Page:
Hunter Technical Support Document

Why is my controller not starting the watering cycle?

Topics: 
FAQs, Troubleshooting

There are a number of reasons why the sprinklers may not come on. Below is a logical method of wading through the possible causes to isolate the problem:

Check the Programming:

  • Is there a watering Start Time programmed into the controller?
  • Is the Watering Start Time programmed with correct time of day (i.e. AM or PM)?
  • Is today a Water Day? (i.e. Controller may be set for Even Days and today is the 21st)
  • Are there Station Run Times programmed into the controller?

Is there a rain sensor wired into the controller?

  • Look at the “Sensor” terminals on the controller. If there are wires connected to the “Sensor” terminal screws, there is a sensor on the irrigation system.
    By sliding the Rain Sensor switch to the “Bypass” position you can over-ride the active sensor.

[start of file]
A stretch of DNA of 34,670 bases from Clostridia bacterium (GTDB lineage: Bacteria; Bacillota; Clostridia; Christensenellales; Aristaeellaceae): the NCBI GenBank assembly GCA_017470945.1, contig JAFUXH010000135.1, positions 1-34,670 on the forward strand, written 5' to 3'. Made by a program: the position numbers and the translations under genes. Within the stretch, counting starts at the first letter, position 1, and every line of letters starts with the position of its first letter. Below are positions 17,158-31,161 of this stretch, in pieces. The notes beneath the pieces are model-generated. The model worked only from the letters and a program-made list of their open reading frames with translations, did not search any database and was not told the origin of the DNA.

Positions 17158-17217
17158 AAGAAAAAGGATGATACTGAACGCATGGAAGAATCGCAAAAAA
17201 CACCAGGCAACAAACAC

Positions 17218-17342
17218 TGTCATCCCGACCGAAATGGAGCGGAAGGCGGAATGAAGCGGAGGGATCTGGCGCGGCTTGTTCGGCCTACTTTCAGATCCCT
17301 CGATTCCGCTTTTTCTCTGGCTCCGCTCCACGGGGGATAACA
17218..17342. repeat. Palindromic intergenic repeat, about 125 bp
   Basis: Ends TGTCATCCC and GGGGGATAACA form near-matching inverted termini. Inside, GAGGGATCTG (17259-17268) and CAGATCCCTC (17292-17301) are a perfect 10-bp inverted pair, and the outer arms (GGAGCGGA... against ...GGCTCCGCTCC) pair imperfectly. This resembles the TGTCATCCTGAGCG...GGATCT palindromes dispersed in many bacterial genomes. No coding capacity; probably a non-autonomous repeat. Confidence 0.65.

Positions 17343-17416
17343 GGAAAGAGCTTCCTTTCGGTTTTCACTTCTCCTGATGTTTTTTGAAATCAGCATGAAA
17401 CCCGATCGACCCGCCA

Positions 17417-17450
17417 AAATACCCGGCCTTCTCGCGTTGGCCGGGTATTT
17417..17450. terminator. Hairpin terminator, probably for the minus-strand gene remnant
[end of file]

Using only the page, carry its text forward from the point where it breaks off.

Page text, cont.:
• Look at the controller display, if the “Sensor OFF” message is displayed, the sensor is activated and inhibiting the watering cycles.
    By sliding the Rain Sensor switch to the “Bypass” position you can over-ride the active sensor.

Is the main irrigation water supply open?

  • Go to one of the irrigation valves and turn the solenoid 1/4 to 1/2 a turn counter-clockwise.
    If the valve opens and sprinklers turn on, your valve is working and you’ll need to check the controller and field wiring.
    If the valve did not turn on any of the sprinklers, the water to the valves is still off. Find the irrigation isolation valve and open it.

Is the controller station output 24VAC-28VAC?

  • Manually activate all the stations one at a time. Using your voltmeter, check the voltage at each station terminal screw when that station is active. If there is voltage in the range of 24VAC to 28VAC on the station terminals, the controller is working correctly.
    If not, the controller or station module needs to be replaced.

Is there voltage on the station wires at the valve?

  • Manually activate all the stations one at a time. Using your voltmeter, check the voltage on each wire at the valve location when that station is active. If there is voltage in the range of 24VAC to 28VAC on the station wires, the wiring is good.
    If not, the wiring needs to be repaired or replaced.
    If there is a minimum voltage of 19VAC on the station wiring at the valve and the valve operates manually, but still doesn’t activate using the controller, the solenoid may need to be replaced.
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